• BitcoinABC does not have a public testnet.
  • Last release of BitcoinABC occurred a few days before the fork date, leaving us with no possibility to do extensive testing.

While there were issues with the code at first, as it was completely reformatted, with hanchon’s help we managed to get Bitcore running with BitcoinABC. The BCH Bitcore ran and synchronized without issues. Git tests passed, the node connected to the network, everything testable worked.

The node answered normally before the fork, which some of you saw, as you noticed our BCH Claim Tool going online hours before the fork. It seemed like there would be no problem on August 1st.

On the day of the fork, however, we started noticing odd things happening. During the maintenance of the BCH Bitcore server, we witnessed how the server started losing addresses and transactions. Addresses had negative balances, which should not be technically possible. This caused the initial delay in deployment, as we could not release a Wallet that would use corrupted data.

During this time we decided to release the BCH Claim Tool only; allowing you to claim your coins to an external wallet. The Claim Tool also depends on the Bitcore server, but it worked well for sending transactions, as it took the BCH balance from the current BTC balance as a workaround.

While we were debugging the problem, we noticed that our Bitcore server was not the only Insight instance where transaction details started disappearing. It happened to all servers running on Bitcore, like Blockdozer.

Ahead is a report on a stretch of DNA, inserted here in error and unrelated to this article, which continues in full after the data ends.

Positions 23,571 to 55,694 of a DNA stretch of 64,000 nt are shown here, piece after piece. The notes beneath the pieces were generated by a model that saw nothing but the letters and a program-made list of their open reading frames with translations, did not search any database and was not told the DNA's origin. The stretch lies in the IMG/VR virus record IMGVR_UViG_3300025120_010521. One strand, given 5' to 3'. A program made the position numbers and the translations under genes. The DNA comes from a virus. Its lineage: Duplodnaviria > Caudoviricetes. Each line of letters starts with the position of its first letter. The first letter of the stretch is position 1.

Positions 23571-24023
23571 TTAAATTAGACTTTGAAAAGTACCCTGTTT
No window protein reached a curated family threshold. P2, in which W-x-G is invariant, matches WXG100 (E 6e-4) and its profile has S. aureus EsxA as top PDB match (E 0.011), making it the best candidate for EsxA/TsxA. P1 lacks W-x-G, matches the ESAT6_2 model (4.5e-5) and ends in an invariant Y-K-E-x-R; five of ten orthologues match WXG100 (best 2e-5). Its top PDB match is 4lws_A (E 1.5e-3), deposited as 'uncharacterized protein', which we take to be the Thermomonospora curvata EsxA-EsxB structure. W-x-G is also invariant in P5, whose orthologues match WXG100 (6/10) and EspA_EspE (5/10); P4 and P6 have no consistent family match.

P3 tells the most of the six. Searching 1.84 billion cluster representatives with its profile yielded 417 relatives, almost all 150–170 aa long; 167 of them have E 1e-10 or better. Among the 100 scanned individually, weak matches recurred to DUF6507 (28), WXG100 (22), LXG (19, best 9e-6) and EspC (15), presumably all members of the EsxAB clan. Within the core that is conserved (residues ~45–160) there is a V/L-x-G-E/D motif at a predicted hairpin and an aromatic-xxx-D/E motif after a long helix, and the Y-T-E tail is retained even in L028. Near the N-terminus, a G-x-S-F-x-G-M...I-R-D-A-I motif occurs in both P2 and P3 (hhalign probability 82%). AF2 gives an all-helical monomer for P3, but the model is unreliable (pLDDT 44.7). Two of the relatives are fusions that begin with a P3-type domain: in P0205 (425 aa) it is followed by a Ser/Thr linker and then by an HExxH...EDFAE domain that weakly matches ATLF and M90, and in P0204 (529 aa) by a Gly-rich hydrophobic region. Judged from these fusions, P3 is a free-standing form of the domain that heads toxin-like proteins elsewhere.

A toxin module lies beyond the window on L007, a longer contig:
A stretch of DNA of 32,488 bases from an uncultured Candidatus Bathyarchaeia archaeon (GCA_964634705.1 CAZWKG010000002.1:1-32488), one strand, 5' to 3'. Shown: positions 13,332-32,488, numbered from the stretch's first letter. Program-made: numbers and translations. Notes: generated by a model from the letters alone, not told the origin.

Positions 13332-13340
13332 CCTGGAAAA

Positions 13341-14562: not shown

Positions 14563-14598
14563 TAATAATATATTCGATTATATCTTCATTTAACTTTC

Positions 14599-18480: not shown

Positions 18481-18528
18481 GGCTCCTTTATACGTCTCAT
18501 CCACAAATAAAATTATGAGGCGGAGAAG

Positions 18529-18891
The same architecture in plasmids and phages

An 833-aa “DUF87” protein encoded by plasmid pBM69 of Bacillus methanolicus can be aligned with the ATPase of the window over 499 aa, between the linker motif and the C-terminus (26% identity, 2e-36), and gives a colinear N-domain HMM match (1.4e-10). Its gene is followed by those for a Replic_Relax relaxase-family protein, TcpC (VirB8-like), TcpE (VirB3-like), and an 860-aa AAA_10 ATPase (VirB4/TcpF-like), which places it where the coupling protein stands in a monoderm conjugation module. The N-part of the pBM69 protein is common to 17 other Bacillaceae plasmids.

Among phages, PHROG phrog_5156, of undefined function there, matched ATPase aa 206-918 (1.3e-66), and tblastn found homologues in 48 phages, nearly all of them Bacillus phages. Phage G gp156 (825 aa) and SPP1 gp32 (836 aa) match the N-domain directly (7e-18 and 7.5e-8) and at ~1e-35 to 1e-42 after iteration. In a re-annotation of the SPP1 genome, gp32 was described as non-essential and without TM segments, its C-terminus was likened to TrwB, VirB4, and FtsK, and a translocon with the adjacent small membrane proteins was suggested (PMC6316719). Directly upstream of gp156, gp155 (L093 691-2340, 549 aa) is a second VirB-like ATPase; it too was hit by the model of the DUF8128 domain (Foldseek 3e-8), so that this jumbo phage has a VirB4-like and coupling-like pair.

The bug

Why were transactions disappearing from our Bitcore? We found the bug after a few hours of debugging.

When the Bitcore server restarted, for some reason it deleted address index for some random blocks. However, when that concrete block was manually invalidated and reindexed, the block index was correct, meaning this was a non-deterministic bug.

Investigating the bug

Every bitcoin node does a “sanity check” of its block database on every start. During this process, several blocks are disconnected from the blockchain in memory and then reconnected, in order to check the state and compare it. As this happens only in memory, it has no side-effect even if the blocks are not reconnected. Bitcore patches change these functions, adding another process: reading and saving addresses to a separate index.

However, as BitcoinABC back-ported some changes from Bitcoin Core’s master branch, they subtly changed the logic of a method used in this process. This caused the method to ignore the state of the process, whether it was in “initial check” or “standard run”, to run in memory or on the disk. Instead, it ran the on-disk method (the latter) on every restart, and removed information about addresses from the last six blocks. This caused the database to be inconsistent, ending with some transactions disappearing and some addresses showing up with negative balances.

Fixing the bug

Apart from compulsory code rewriting and compiling, we had to invalidate all known bad blocks in our blockchain. During the fixing time, we had to take down the Claim Tool as well, as the backend was taken offline. (This was on August 2nd.)